I am Thomas, and I design systems for people and computers for fun and profit!
My career has navigated me through various industries like Finance & Insurance, Medical, Automotive and Travel. I have been wearing many differently shaped hats over the last 15 years. From System Administration, Test Automation, Web Development, Software Architecture & Design, Product Design & Organisation Design, I can draw on a bit of experience that currently helps me every day as a Principal Solutions Architect FlixBus.
The biggest realization over the last few years is that the most important component of success is not running the latest distributed architecture in the cloud, but to enable people to work smart to manifest their ideas in helpful products. I want to share my experiences and hope that you can take away a bit of knowledge that can help you later.
It is impossible to design useful software without understanding the underlying forces driven by market conditions, competitors, business strategy and the actual people using or building the software. Hence, I firmly believe that a wider definition of system design is required to achieve an adaptive and evolvable environment of people, processes and technology that can react to changing conditions in our fast paced digital world.
(Hands-on Lab, Main Conference)
A repeating pattern I have discovered during discussions with participants of DDDEU over the last years was always that people are not able to calculate risk and potential value for intangible assets like "organisational flexibility" in the presence of uncertainty for adopting the modern organisational patterns and principles that the DDD community embraces.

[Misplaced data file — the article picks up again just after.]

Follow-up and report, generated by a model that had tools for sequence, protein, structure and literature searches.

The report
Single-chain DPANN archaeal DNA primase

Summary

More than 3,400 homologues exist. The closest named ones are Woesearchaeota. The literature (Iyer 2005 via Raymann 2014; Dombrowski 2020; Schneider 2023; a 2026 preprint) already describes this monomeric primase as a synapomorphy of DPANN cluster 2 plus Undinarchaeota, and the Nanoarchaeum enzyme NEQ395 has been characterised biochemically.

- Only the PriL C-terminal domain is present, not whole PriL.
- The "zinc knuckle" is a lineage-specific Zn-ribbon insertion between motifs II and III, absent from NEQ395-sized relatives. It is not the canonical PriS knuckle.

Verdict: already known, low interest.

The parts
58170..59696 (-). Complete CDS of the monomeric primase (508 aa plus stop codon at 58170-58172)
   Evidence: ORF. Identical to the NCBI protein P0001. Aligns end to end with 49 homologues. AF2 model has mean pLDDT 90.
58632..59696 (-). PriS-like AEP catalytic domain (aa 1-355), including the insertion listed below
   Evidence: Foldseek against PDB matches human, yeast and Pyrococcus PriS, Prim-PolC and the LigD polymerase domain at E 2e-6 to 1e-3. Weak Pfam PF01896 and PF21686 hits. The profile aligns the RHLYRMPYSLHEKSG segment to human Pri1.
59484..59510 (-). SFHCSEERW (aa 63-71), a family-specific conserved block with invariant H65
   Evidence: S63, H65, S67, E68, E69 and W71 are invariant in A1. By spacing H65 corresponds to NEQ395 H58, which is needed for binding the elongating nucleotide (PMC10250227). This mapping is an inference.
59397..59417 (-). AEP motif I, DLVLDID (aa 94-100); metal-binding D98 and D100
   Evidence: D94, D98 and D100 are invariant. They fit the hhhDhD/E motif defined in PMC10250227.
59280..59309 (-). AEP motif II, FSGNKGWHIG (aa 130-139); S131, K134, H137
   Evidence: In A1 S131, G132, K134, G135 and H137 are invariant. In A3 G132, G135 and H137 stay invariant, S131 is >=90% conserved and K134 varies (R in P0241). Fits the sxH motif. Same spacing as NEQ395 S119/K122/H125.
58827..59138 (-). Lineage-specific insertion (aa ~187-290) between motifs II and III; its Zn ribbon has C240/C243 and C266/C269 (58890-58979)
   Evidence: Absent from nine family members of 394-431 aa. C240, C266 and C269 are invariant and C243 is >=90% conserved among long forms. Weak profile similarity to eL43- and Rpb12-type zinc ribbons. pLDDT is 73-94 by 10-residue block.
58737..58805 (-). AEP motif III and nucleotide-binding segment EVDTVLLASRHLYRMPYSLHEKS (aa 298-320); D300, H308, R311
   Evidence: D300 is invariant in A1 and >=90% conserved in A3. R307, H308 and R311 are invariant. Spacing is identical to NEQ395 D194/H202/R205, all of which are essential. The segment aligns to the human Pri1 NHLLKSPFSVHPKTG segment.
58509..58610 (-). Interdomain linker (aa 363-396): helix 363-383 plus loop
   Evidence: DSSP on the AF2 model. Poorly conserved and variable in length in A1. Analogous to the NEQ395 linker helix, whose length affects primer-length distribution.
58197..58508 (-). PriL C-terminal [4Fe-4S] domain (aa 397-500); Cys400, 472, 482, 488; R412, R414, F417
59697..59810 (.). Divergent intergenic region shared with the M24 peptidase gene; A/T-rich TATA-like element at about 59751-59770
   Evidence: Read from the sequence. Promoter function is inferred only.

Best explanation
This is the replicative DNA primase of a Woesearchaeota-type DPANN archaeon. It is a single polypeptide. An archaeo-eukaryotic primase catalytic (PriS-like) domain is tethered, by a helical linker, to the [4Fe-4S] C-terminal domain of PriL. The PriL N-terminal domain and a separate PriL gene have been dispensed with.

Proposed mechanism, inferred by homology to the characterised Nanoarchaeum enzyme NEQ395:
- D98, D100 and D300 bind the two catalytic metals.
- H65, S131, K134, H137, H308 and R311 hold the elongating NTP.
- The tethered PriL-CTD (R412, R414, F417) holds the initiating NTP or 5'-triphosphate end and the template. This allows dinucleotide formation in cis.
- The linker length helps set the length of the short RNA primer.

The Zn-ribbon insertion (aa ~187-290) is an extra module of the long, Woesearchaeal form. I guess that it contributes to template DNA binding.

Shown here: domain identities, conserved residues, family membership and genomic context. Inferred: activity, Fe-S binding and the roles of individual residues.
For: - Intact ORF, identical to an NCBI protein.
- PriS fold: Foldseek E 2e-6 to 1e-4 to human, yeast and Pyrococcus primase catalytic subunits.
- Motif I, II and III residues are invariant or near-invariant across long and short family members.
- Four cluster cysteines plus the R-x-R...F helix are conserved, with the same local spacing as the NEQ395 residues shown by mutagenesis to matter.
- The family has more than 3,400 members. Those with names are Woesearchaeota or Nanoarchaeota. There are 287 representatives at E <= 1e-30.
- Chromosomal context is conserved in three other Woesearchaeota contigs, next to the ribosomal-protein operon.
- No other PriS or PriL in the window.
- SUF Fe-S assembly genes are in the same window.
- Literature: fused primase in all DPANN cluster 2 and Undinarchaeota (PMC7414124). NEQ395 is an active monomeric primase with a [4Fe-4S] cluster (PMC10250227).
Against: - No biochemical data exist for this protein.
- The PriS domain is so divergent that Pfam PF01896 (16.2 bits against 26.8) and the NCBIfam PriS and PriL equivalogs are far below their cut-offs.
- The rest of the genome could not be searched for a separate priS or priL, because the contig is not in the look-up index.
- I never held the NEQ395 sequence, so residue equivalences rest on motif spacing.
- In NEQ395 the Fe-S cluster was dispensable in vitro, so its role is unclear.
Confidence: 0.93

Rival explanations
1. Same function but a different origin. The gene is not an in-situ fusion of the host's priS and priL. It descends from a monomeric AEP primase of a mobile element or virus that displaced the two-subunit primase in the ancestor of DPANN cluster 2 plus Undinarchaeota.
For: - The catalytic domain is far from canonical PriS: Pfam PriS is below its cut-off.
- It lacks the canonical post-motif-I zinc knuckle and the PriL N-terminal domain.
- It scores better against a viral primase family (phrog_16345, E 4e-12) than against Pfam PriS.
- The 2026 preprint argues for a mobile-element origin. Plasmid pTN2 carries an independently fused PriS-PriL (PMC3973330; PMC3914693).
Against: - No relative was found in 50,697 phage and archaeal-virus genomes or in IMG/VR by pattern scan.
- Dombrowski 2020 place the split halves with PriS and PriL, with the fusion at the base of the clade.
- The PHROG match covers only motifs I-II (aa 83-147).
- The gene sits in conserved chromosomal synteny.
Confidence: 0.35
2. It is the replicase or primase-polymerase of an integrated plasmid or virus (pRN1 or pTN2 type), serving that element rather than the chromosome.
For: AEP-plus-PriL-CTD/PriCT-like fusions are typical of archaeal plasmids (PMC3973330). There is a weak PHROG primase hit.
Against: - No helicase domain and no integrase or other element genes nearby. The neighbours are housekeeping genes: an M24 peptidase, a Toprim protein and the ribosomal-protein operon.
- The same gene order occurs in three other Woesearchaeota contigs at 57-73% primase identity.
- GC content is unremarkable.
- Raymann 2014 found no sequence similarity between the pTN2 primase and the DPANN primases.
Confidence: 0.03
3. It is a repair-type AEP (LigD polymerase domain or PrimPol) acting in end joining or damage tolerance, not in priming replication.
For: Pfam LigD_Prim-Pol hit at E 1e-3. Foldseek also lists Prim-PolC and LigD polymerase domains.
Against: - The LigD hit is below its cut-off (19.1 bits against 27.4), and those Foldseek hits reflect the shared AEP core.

Senior managers in larger organisations are seldomly convinced to board such an endeavour just by opinions and subjective assessments.
During these conversations I regularly ask if people have thought about creating a business case that would enable senior management to make a risk vs. value potential decision. And most of the time people do not know how to create such a case, because these "intangibles" seem impossible to measure.
But they are! It is possible by employing statistical methods to derive probabilities for ranges of possible outcomes that are built from various sources of information, i.e. calibrated expert knowledge. Said information can be annotated with an "expected value" when discovered, and other quantitative and qualitative data that doesn't seem obvious in the beginning.
This workshop would teach the basics of bayesian probabilities, how to calibrate people to better estimate ranges of possible outcomes (50% confidence, 70% confidence, 90% confidence), how to weigh results by the expected value of information in uncertain environments, an how to run Monte Carlo simulations on these input parameters, and how to experiment with different probability distributions (Normal, Pareto, Log-normal) to create a "good enough" business case in this uncertainty.
While this workshop would not fit into the classical collaborative model, I believe it can drive adoption of modern system design techniques in more power-oriented structures with these tools and methods (and also is generally very useful knowledge).